In What REALLY Kills Us Dr. David Katz, an IIN Lecturer, argues that heart disease, cancer, stroke, etc. are not the leading causes of death in America but are rather the effects of poor lifestyle factors – the top three being tobacco, diet and physical activity level. He points out the link between our everyday actions and major diseases and puts the responsibility of your health on you – his potential patient. This has all been said, researched and concluded before yet disease rates are going up, not down, despite the push for prevention and pro-active habits. Action is not being taken because the “get healthy”/ “lose weight” recommendation has no real chance if the potential patient doesn’t know what they are doing or how to execute change. They must be taught.
“As a society, we clearly know the ‘what,’ but as individuals and families; spouses and siblings; parents and grandparents — most of us, just as clearly, don’t know how. How, despite the challenges of modern living, do we adopt, maintain, and enjoy a healthful diet? How, despite those same challenges, do we fit fitness in? How do we navigate around other challenges, from sleep deprivation and lack of energy, to overwhelming stress, to chronic pain?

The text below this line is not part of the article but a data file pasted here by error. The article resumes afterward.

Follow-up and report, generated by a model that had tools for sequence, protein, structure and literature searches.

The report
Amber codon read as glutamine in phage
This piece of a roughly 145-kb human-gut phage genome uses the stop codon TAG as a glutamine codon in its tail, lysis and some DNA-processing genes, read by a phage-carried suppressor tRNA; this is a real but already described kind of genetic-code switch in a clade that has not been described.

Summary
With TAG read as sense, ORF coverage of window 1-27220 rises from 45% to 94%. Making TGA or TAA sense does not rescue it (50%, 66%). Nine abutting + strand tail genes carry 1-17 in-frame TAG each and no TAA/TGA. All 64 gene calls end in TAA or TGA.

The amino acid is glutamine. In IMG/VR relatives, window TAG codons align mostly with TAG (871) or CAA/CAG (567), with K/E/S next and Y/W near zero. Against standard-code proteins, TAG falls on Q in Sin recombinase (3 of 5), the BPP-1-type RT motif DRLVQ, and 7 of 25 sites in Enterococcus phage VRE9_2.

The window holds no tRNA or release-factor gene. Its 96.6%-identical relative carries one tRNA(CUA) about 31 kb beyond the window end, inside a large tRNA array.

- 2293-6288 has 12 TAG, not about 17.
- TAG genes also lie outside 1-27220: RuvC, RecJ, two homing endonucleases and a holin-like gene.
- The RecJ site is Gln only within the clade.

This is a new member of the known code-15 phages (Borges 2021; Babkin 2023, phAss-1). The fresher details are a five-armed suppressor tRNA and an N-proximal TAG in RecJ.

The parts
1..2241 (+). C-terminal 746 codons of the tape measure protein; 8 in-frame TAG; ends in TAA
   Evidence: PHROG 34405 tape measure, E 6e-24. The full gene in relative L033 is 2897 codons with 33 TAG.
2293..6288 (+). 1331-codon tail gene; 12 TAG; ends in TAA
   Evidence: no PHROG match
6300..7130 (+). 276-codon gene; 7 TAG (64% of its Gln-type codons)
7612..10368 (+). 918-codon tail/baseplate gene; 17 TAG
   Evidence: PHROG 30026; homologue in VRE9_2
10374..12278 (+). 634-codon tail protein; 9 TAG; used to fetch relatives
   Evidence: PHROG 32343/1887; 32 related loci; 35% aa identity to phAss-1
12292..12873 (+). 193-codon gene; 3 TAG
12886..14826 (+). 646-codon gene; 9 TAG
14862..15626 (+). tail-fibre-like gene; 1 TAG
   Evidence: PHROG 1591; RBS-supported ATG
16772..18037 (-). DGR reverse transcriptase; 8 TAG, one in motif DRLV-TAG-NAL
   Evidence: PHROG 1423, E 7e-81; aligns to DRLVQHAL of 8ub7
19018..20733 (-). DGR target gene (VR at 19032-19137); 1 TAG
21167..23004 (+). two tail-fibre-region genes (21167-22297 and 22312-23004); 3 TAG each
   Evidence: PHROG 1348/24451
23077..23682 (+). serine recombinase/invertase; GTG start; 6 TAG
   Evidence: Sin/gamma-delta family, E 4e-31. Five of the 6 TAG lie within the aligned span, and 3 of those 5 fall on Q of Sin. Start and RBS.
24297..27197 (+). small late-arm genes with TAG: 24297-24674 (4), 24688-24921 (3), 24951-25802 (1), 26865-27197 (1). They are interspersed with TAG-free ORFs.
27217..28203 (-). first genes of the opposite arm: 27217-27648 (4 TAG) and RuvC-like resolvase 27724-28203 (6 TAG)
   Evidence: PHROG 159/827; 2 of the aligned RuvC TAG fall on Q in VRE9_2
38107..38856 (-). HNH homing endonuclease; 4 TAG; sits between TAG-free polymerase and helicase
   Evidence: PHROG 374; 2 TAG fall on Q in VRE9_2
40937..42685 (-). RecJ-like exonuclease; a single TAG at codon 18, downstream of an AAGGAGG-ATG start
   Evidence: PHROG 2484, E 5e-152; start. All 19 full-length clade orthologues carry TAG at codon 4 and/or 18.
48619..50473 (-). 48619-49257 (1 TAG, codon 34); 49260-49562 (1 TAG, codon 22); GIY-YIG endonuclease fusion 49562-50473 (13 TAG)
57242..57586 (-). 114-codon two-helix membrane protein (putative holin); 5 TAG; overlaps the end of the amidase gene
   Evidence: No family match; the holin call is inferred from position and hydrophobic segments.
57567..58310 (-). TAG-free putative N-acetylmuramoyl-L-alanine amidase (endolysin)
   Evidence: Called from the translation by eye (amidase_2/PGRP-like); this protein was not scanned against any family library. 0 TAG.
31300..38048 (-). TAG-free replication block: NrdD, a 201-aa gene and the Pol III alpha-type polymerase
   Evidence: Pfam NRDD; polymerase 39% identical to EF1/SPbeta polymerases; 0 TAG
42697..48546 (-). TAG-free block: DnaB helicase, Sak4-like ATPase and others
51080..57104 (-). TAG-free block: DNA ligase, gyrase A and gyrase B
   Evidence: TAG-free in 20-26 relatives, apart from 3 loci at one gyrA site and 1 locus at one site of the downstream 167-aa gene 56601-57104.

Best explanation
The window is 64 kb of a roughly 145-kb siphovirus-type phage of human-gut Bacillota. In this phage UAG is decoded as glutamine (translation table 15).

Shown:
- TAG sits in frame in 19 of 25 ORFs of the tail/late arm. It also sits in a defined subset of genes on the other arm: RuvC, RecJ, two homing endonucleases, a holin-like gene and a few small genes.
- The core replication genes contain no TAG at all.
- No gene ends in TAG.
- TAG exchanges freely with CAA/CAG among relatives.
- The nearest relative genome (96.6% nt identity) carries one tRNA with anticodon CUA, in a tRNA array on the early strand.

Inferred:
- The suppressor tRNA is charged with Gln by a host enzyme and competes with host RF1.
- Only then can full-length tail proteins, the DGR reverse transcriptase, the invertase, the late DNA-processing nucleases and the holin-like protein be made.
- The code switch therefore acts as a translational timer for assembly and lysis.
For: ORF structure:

These questions have answers, and I know them. I know them not because I’m special, but because it’s my job to know them. Pilots know how to fly planes; nuclear physicists know how to split atoms. I am a health expert, and I know how to get to health and weight control from here. Like any worthwhile thing, it requires a skill set.”
Although I think Dr. Katz is the exception and that few MDs are well versed in prescribing “get healthy”outside of the calories in vs. calories out model, let’s assume they don’t have the time/resources to hold a patient’s hand through the learning curve. What appears? A gap where Heath Coaches can comfortably find their place.